Long before it was ever committed to film, Florian Zeller’s Le Père (The Father) was already considered one of the great plays of the 21st Century. In 2016, actor Frank Langella debuted an American adaptation of the original West End production, earning the Best Actor award at the Tony Awards for his work. And now Zeller has followed in the footsteps of many great directors of the stage and screen, directing his adaptation of The Father with an all-star cast and a considerable amount of award season hype.
Even in his advanced age, Anthony (Hopkins) is more than capable of taking care of himself. Or so he tells his oldest daughter Anne (Colman) when she comes to discuss placing him in a residential facility. The truth is things are starting to slip for Anthony. People he does not recognize wander through his apartment, and his new caregiver (Poots) often acts like they have just met or have gotten along well for days. Caught between fear and rage, Anthony must do his best to wrest some small amount of control over his life as it unfolds before him.
Stage adaptations have always been a double-edged sword for filmmakers. Skew too close to the source material’s staging, and critics will dismiss your adaptation as “stagey.” Overextend the scope of the script, and you start to lose the intimacy of the original production. The Father’s biggest surprise is not its ability to walk this line unscathed but its innate understanding of where the theatrical and the cinematic intersect. In Zeller’s hands, a few key props and a modular apartment building turn “stagey” into the ultimate compliment.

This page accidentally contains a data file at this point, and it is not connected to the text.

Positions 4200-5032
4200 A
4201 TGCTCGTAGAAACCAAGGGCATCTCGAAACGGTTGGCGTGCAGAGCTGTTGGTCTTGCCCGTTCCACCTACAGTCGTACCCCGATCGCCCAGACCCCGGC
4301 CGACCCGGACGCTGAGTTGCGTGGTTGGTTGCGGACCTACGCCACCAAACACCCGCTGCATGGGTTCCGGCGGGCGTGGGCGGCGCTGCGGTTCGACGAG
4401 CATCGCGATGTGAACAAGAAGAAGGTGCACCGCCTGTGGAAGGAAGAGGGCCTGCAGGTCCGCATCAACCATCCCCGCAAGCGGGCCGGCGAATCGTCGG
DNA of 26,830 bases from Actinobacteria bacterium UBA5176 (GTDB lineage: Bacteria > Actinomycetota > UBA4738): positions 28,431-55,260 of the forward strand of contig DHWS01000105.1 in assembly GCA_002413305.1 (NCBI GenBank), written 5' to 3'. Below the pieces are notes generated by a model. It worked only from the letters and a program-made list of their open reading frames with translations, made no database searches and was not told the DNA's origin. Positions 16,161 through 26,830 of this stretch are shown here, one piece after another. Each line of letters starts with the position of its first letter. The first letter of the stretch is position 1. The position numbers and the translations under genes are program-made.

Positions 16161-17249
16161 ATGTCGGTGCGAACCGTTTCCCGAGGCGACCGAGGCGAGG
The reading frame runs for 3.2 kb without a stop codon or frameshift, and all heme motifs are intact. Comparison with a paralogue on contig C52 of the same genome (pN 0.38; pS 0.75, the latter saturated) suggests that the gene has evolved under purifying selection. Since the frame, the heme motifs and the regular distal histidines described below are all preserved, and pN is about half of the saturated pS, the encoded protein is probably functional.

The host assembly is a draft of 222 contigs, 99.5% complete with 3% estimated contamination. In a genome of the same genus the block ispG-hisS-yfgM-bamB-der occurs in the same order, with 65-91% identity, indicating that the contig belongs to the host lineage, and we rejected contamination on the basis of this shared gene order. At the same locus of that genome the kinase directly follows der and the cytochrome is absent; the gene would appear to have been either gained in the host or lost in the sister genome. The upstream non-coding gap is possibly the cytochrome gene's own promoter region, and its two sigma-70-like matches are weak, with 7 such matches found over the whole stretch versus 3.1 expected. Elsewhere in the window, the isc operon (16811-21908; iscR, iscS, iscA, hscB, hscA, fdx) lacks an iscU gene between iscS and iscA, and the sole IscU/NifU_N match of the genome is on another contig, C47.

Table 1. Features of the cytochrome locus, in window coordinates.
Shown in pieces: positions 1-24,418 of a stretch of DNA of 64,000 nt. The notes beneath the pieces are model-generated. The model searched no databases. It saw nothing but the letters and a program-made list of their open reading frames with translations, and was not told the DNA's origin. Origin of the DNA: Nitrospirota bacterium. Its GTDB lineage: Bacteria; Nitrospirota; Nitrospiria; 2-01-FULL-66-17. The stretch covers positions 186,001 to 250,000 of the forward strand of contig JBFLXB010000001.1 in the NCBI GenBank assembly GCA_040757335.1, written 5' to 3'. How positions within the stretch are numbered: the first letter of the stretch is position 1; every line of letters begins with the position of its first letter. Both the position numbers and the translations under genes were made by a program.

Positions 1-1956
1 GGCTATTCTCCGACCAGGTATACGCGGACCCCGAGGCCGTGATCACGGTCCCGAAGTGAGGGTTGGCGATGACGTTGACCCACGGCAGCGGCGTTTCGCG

When coupled with cinema’s immersive elements, our lack of agency as viewers is the perfect vehicle for Anthony’s dementia. We experience time in a linear manner onscreen, but the inconsistencies between segments – the way characters disappear or reappear wearing the face of another actor – manufactures both sympathy and a deep sense of unease. And rather than detract from the performances, these production choices are essential to our understanding of Anthony. We watch in real-time, again and again, as he retreats from confusion and finds comfort in his anger.
And in choosing Anthony Hopkins as his lead, Zeller has made the rare choice that is as obvious as it is correct. While much of the conversation around The Father may seem reduced to its award season potential, this should not overshadow the depth that Hopkins brings to this role. It is a credit to the performance that we are never entirely sure how much Anthony understands at any given moment. The line between righteous indignation and self-preservation has been completely blurred, and it isn’t until the film’s final few moments that we see Anthony with his guard completely down.
Only those who have been through this experience – who have cared for a loved one who has dementia – can speak to the accuracy of this approach. For the rest of us, The Father will serve as welcome humanization of those suffering from a most alien disease. For as much damage as this sickness can do to the friends and family of those afflicted, the victims themselves are too often reduced to supporting characters in their own stories. It takes the best of theater and film to get it right.
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